I get to the other side and see this old, homeless looking bat crossing 14th.  She’s holding four or five bouquets up to her chest and not paying any attention to what she’s doing.  Steps right out in front of a Bell Atlantic van.  I mean, she was dead meat.  But you know what happens? At that very instant the van blows it’s left front tire and careens hard left, missing the old witch by millimeters.  She doesn’t even flinch.  I mean, I was kind of hoping that she’d get nicked or something—at the very least, freak out or something so that she’d lose her grip on the flowers.  But no go.  She scurries off before I can even think up some scam to relieve her of a bouquet.

This group of taxi drivers is hanging out by the corner of 14th and K Streets and they’re all patting this one driver on the back and obviously celebrating something.  Naturally, he’s holding a bouquet.  I sidle up to them and ask what’s going on and one of them tells me that Kareem—yeah, the one holding the bouquet—had gotten a radio call from the dispatcher to call home.  Well, he had just called home and found out that his wife, who had been paralyzed with a stroke, was alert and talking.

A cell phone.  Hell, they all carry them these days.  The immigrants, anyway.  They come over here to our country, abuse the system, get free medical care, free housing, free food, and just about anything else they want.  They’re living high on the hog.  They—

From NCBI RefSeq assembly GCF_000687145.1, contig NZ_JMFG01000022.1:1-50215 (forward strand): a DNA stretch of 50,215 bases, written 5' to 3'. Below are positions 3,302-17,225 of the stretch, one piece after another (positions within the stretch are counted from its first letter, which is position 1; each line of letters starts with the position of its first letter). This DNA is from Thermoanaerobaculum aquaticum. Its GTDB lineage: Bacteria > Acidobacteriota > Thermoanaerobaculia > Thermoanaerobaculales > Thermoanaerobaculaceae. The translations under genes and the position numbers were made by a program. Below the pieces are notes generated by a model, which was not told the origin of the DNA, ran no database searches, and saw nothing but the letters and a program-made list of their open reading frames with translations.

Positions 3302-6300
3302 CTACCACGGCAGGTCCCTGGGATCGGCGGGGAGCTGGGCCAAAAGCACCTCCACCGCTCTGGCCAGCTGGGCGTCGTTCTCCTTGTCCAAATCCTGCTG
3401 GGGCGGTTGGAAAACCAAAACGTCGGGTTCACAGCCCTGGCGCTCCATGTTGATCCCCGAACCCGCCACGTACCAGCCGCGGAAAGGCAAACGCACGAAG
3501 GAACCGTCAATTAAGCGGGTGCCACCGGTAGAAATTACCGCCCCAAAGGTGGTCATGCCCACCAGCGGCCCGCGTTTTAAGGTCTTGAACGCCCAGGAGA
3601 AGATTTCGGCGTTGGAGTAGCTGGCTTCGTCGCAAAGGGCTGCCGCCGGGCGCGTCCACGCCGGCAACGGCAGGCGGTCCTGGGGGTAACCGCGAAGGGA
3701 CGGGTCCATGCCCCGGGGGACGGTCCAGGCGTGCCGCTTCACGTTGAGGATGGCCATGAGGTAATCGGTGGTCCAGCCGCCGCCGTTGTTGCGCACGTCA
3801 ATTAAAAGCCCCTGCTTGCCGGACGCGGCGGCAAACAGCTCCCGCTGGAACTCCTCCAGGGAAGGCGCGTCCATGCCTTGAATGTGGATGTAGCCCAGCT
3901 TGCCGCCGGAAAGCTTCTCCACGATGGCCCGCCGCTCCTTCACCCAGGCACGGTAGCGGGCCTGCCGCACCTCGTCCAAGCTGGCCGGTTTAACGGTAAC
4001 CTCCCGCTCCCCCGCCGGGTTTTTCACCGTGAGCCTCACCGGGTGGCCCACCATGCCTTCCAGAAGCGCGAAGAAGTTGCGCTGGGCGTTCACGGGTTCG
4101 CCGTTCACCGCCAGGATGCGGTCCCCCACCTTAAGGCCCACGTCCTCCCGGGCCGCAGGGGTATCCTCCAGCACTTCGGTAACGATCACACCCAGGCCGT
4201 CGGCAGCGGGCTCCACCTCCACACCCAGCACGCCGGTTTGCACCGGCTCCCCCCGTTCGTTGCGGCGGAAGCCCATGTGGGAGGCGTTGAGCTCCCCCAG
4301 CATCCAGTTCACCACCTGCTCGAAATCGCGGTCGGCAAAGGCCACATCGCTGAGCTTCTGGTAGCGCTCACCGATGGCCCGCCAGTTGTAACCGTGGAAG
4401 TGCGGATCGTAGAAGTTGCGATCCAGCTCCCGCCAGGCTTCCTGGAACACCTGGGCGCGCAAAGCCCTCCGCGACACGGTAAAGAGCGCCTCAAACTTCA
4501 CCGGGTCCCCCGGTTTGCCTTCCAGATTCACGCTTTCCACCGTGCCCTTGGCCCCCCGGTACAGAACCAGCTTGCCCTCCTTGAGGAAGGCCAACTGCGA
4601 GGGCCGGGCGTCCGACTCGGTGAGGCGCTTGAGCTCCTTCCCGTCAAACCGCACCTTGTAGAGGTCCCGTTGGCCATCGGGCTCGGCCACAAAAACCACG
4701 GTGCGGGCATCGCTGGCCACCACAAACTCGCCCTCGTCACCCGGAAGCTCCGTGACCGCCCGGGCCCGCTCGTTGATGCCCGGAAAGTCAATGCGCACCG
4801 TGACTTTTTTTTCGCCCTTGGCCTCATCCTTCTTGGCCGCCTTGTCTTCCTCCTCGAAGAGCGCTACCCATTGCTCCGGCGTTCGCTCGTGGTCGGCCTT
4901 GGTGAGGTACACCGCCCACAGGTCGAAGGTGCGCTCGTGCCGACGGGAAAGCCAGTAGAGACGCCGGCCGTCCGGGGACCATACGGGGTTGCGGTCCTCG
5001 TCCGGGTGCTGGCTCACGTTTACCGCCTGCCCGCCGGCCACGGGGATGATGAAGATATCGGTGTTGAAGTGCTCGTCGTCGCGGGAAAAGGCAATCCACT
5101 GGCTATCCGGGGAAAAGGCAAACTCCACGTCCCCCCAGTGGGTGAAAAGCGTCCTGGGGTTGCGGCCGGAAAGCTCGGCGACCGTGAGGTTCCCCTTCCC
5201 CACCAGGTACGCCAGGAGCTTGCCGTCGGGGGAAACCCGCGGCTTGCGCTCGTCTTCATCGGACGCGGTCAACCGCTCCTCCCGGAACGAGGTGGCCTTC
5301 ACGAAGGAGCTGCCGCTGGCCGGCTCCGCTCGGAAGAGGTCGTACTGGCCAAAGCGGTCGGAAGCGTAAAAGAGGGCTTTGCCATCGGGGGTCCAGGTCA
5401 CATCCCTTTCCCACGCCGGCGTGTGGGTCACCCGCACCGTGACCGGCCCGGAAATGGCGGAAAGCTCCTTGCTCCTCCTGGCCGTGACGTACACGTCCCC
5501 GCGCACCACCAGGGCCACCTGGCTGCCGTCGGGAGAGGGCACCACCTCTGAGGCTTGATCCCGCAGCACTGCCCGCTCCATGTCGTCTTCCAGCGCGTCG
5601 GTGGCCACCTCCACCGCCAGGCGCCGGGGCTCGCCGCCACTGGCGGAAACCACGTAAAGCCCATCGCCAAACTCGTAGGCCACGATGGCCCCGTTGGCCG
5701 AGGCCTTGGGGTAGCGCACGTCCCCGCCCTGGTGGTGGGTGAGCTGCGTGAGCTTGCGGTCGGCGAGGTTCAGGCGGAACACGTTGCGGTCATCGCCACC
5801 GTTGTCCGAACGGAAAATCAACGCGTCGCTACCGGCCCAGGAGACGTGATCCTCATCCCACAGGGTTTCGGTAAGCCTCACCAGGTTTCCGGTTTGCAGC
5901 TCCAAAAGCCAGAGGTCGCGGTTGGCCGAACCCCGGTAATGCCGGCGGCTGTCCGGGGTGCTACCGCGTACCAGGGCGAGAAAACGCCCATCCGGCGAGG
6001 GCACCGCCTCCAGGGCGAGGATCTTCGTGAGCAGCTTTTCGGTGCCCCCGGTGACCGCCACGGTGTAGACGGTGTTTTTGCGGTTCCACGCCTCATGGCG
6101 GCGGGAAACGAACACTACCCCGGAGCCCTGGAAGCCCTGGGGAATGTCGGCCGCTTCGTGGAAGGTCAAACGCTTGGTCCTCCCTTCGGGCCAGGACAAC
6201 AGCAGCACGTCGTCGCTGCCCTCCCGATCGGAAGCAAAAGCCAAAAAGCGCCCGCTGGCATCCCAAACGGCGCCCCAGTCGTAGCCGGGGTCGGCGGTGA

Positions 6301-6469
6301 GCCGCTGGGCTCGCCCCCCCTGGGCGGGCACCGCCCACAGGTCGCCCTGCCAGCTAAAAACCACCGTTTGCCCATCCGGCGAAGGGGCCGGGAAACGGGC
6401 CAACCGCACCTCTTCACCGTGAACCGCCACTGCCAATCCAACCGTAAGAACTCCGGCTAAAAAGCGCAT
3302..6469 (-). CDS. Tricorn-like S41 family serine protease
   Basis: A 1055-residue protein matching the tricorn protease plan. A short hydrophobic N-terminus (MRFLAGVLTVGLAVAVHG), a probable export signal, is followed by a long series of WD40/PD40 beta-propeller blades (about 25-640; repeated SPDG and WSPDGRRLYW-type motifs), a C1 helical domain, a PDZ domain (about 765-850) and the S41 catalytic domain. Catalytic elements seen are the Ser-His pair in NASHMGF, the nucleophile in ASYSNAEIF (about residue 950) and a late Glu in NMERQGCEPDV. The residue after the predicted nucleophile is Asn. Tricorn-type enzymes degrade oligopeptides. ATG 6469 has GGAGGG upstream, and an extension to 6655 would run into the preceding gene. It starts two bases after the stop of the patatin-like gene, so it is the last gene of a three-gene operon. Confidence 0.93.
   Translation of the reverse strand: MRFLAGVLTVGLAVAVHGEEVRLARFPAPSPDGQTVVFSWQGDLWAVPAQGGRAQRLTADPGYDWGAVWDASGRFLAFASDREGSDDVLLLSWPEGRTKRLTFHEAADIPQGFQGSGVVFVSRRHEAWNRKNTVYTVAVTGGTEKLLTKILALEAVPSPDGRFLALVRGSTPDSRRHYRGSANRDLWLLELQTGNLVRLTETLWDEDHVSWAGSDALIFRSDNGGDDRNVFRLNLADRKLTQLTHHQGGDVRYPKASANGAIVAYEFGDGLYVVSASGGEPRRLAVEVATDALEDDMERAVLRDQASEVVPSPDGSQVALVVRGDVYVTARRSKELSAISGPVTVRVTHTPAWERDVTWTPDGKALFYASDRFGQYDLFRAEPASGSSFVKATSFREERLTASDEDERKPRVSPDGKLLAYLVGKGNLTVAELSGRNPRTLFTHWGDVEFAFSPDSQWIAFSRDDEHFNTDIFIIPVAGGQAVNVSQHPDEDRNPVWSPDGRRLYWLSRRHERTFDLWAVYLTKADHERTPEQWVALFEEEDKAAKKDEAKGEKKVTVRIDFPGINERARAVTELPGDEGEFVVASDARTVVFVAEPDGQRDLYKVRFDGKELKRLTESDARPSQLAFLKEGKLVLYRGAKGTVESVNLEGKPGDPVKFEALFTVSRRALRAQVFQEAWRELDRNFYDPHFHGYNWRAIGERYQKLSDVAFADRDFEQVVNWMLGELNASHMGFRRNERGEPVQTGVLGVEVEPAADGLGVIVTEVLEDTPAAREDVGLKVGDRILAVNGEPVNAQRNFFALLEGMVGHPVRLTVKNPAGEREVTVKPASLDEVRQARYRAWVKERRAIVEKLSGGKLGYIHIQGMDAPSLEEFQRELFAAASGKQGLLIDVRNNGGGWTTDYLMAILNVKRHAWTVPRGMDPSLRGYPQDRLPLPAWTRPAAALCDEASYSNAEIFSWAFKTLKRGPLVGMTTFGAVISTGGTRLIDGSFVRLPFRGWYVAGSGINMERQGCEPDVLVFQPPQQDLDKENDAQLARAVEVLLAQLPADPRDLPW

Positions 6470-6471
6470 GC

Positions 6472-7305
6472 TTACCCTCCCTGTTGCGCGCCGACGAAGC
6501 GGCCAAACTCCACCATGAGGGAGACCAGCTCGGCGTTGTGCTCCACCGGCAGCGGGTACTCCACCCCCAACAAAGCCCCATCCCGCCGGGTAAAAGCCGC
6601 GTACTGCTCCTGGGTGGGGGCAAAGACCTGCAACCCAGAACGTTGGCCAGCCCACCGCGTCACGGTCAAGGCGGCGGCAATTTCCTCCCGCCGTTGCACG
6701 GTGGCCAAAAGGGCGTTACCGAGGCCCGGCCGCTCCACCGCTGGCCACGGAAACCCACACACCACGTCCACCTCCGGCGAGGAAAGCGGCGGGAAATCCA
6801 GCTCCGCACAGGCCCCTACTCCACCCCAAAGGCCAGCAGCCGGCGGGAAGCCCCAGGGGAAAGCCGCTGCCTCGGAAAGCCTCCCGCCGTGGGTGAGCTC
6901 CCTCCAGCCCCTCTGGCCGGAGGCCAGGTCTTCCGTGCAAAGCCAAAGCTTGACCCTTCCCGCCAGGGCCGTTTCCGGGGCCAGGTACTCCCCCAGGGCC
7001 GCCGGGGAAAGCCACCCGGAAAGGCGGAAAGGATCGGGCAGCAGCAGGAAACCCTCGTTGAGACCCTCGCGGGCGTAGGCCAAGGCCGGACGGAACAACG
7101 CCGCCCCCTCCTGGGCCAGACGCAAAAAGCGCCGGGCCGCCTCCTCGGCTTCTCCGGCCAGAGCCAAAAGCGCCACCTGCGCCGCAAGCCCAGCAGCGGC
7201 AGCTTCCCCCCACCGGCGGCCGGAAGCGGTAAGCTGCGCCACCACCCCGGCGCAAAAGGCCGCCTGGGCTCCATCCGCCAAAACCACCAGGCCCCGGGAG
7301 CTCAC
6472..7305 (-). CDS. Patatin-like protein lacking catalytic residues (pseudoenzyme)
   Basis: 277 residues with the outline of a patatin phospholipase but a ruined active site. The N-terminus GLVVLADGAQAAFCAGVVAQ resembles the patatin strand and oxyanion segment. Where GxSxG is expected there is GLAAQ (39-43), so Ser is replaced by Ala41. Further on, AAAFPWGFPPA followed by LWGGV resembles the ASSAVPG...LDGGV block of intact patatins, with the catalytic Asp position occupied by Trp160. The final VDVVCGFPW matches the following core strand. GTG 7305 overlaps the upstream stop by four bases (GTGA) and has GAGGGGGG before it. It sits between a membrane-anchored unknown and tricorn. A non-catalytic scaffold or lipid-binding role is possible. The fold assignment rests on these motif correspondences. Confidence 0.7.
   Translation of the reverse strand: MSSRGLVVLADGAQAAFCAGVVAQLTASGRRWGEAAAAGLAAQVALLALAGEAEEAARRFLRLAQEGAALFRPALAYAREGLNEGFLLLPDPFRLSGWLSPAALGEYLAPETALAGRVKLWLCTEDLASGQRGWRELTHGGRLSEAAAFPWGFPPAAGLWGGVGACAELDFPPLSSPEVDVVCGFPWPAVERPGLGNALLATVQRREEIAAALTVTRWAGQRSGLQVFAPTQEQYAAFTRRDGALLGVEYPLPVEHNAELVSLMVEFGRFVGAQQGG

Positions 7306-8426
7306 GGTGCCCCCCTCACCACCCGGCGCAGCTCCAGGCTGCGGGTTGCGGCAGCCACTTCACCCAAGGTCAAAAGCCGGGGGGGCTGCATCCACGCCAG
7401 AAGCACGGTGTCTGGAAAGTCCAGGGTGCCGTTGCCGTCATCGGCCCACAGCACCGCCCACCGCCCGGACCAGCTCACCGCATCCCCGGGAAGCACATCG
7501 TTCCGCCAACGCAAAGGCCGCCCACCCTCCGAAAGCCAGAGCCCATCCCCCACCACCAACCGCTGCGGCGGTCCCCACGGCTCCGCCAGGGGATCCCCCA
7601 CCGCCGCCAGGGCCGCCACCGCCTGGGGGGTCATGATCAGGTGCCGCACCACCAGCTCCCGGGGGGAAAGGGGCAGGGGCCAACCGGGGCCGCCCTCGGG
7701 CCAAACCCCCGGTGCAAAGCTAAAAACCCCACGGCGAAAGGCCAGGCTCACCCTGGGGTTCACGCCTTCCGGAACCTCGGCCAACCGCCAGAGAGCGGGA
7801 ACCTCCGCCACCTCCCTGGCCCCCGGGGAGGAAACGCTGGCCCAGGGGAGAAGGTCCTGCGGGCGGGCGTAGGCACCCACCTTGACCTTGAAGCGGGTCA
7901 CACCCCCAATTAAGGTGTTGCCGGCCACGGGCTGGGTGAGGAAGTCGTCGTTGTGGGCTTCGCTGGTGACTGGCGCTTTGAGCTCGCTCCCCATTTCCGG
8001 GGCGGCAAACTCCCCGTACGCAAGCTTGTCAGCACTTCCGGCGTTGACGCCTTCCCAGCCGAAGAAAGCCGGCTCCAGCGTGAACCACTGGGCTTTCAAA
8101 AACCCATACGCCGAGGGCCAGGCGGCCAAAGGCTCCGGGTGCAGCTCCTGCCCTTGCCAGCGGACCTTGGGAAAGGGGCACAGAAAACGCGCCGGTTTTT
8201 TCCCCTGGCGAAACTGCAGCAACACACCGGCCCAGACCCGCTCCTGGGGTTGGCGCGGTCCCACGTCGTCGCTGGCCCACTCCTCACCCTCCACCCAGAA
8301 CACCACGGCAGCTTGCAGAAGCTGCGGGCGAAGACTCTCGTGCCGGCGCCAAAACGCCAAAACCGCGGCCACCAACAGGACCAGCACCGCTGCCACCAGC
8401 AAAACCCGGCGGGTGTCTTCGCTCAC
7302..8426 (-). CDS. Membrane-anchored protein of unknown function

Yeah, sorry.  You know how easily I get fired up about how this country’s going to hell in a handbasket.

OK, so these fucking flowers are nothing but miraculous, and I want a piece of the action.  Problem is, the bundles of miracles have already been gathered up.  I walk around the park looking, but they’re all gone.  I talk to a couple of other people about it.  I’m trying to figure out if there’s any way that maybe I can scam a bouquet off one of them, but also wondering whether any of them had seen the flowers actually fall from the sky.  Of course, everybody I ask if they’d seen the flowers actually falling from the sky looks at me like I’m nuts.

Well, I’m getting pretty desperate by this point.  I even consider buying a bouquet from the vendor.  But I figure that buying them just wouldn’t be the same.  And besides, the miracle’s probably already left those flowers, what with that thick roll of bills he scored.

At about this point I see a bouquet.  It’s just lying there on the rim of a fountain. White roses.  One dozen of them.  Not a bit of yellowing at their edges—as white as freshly fallen—hell, as white as an angel’s wings.  So white that you’d have no doubt that they came from the hand of God.

Problem is, there’s this homeless person sitting on a bench facing the fountain, and I can just tell that he’s already laid claim to that bouquet—that if I were to walk by and pick it up, he’d raise holy hell.  And he’s one of those really gone looking ones, too.  Absolute Loony Tunes.  A tall, lanky Charlie Manson-type, but half-Indian or something, sitting there muttering to himself and staring at those flowers with his crazed eyes.  But I quickly notice that he averts his stare about every six seconds or so to glance at this specific point on the sidewalk to the right of the fountain.  Kind of like he’s got a nervous tic or something, because there’s nothing on the walkway.  But with that observation I come up with a quick plan.  I pull a $10 bill out of my wallet and stroll nonchalantly down the path.  When I cross that spot on the sidewalk I let the bill slip from my hand.  My timing’s perfect.  As I pass the fountain I hear him shuffling towards my bill, allowing me to reach out for the bouquet.